We spent every waking moment together, shared intimate secrets. She protected me from storms and coyotes. We picked up hitchhikers and old friends. And now, she won’t start for the second time in as many weeks. Maybe it’s her way of rebelling against becoming a commuter car. I understand her frustration. I hate being a commuter. Regardless of Little Red’s rationale, I was beginning to have a conversation with myself: At one point do I say goodbye? When does the car become more trouble than it’s worth? How many parts can you replace before the machine becomes mutant? Is it suffering?
It’s a funny feeling to watch your car be towed away. It suddenly becomes other; it appears as it is, as an object. All sentimentality gets thrown out the window. Or does it? In the past year, I’ve replaced the starter, a strut, the fans, the radiator, and the thermostat. Most recently, I had all the rubber hosing replaced because biodiesel mercilessly had eaten away at the car’s veins. I knew I should have replaced those rubber tubes with synthetic materials like Viton, but sometimes, shoulds don’t become dids.
“No more biodiesel!” my mechanic, Mike, said.
I smiled coyly. I wouldn’t give up biodiesel or my car for the world.
One week later and my car was back at the shop.
“Now, it won’t even turn over. Seems like the alternator,” I said sadly.
“That’s about the only thing we haven’t replaced on this thing,” Mike replied.
I left the shop and went to work, expecting a repair with a big price tag later that day. But an hour later, I got an unexpected call. The alternator was fine…but the wire connecting it to the battery had been chewed through.
“Did you know you have a rat living in your car?” Mike asked.
I thought it had moved out, or if not, that we had at least worked out a friendly don't-ask-don’t-tell policy. But noooo, it had to chew threw my alternator wire. What was next—the brake lines? How was I to maintain my pacifist stance under such duress?
I set out determined to buy mousetraps, but when I got to the big box store containing the traps, I was put off by the sheer number of mouse torture devices. You could catch them with glue traps, snap traps, maze traps, shock traps...it seemed like some Middle Ages Million Ways to Die episode. I carefully read the instructions, looking for the most "humane" method, but at the end of the day, I just couldn't do it. Not only could I not let go of a friend, I also could not rid myself of an enemy.
Monday, August 1, 2011
Wednesday, July 27, 2011
If ever there was a gruesome discovery, it was what I found under my hood that fateful day. My cat’s sudden obsession with my car began to alert me that something was afoot (literally) beneath my radar. Not gifted with supersonic ears sensitive to subterranean animals, I had no idea that I would find a nest under my hood. In my understanding of mice, I had made a few critical errors:
1) Mice live in fields, trees, bushes, and occasionally houses—not cars.
2) Mice are small.
3) Mice are not intelligent.
When I opened my hood, I discovered an intricate nest, crafted of twigs, papers, and the interior engine lining from my car. Most notably, the mouse had chosen to chew up a Charles Bukowski chapbook I had in storage in the shed, Betting on the Muse. “Now the telephone doesn’t ring, the young girls are gone, the party is over,” the shred of paper mourned.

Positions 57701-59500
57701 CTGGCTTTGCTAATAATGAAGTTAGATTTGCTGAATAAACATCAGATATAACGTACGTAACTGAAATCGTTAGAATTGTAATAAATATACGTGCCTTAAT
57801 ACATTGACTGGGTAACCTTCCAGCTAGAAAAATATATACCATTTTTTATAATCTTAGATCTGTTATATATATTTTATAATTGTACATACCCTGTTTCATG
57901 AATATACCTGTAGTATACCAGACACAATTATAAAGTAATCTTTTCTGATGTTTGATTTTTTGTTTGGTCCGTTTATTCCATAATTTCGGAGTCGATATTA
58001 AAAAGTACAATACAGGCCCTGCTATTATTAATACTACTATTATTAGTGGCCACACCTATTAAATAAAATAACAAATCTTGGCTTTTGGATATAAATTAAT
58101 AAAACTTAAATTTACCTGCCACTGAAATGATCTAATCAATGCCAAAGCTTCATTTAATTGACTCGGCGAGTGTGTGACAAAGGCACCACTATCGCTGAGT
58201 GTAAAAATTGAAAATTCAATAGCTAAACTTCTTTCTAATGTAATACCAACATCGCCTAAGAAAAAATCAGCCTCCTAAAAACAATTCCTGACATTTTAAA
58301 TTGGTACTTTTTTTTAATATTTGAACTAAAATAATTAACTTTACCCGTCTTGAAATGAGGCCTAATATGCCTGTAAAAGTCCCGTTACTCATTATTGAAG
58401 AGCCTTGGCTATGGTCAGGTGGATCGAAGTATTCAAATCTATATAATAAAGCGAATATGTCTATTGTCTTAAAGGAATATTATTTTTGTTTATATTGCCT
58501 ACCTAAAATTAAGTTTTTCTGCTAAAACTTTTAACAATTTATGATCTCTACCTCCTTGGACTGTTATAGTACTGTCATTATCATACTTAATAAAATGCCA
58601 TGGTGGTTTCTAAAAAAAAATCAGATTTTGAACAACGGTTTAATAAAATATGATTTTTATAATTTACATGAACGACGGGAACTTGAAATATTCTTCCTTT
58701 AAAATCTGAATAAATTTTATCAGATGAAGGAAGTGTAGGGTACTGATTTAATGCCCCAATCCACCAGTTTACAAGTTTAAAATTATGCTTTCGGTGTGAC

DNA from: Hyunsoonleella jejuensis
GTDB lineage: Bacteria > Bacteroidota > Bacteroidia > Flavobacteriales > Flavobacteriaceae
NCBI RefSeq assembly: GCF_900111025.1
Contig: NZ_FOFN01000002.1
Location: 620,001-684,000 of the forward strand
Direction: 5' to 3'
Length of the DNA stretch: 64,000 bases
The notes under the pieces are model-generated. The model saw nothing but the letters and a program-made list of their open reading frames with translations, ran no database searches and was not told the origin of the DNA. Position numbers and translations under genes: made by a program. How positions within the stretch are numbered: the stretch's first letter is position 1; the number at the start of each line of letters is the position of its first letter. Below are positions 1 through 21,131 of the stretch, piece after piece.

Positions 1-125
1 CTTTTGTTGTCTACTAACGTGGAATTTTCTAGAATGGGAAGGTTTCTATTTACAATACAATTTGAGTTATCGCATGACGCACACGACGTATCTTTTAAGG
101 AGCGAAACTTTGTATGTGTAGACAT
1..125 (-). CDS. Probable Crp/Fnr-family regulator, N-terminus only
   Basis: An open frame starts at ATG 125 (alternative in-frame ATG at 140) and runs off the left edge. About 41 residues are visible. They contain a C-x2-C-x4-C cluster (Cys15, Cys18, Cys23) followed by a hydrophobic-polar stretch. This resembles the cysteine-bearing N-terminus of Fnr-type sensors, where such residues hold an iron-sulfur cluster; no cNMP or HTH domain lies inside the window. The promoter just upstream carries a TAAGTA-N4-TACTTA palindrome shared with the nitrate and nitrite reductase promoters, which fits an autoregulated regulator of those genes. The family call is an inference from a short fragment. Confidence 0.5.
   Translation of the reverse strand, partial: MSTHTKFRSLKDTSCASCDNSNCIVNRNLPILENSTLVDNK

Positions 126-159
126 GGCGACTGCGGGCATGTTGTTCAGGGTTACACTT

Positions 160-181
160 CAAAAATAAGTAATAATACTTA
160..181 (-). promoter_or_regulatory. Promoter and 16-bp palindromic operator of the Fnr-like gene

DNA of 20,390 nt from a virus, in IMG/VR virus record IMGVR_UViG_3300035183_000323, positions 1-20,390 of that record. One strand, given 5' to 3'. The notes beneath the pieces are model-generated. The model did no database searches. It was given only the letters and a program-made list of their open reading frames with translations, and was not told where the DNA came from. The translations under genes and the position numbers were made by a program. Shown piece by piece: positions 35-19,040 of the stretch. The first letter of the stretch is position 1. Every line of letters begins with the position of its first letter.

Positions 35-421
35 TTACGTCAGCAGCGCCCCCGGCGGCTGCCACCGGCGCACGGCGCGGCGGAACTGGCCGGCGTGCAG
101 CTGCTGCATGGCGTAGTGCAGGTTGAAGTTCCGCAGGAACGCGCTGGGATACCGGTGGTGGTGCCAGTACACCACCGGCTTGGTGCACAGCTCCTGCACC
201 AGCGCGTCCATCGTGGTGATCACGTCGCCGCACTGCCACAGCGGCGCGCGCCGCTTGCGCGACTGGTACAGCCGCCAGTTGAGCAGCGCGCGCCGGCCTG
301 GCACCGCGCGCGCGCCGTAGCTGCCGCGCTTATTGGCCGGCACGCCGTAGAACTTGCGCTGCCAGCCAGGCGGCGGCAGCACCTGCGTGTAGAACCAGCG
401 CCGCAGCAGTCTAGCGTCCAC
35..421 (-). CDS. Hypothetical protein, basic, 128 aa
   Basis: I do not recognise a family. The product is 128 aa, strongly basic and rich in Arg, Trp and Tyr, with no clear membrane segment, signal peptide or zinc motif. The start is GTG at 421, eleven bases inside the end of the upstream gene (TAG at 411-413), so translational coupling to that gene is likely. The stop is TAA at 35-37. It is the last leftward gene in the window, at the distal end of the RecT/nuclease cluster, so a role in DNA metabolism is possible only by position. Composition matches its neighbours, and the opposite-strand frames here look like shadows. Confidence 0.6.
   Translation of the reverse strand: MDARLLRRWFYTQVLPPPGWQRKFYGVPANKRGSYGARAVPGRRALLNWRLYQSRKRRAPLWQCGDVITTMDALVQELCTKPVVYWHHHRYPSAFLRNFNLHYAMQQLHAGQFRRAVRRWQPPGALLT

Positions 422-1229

Pele the cat followed me in my investigation, sniffing and then pulling away.
“What cat is afraid of a little mouse?” I teased.
I removed the nest, tossing the work of art into the bushes, hoping the mouse would pack up and move to a more appropriate home. Pele followed, sniffed, and ran into the house.
Next morning, it was still dark when I got in my car to go to work. Everything was quiet. Curiosity guided me to my hood again; this time, I slowly opened it and peeked in.
Prior to that morning, I had never screamed like a girl. It came out of me like a surprised drunken hurl. My hands went to my face and I did the little ballerina dance of a scared child.
This was no ordinary mouse. This was a supersized genetic oddity. A rodent on steroids. A squirrel mouse hybrid. This was the leader of the teenage mutant ninja turtles. Not Turtle Power—Rat Power!
Believing in the radical notion of non-harm, I decided to find a peaceful solution. Little did I know that my rat friend would declare war.
Little Red Vs. Big Mouse Part One: Pele's Message
Wednesday, June 1, 2011
In feline-human communication, there are often misunderstandings. Recently, Pele had begun taking great interest in my car, Little Red. I would look out the window and there she was...sitting on the hood. I'd go outside and she would be sniffing around the tires or trying to get inside.
Of course I'm not one to ascribe conversational characteristics to cats (OK, fine, I am), but it seemed she was trying to tell me something. I went with the obvious:
Me: Pele, you want to go for a ride? You're so cute!
Pele: There's a mouse in your car.
Me: You're so sweet. You want to go on a road trip!
Me: Oh, Pele. You don't want me to leave! Such a sweetheart!
Pele: There's a mouse in your car, you freakin idiot!
Me: Don't worry...I'll be home later.
I didn't question the strange squeak that came from the engine when I started the car. Little Red is an old lady, after all.
"That sound is new," I thought vaguely as I drove away.
Little Red Vs Big Mouse Part Two: I Smell a Rat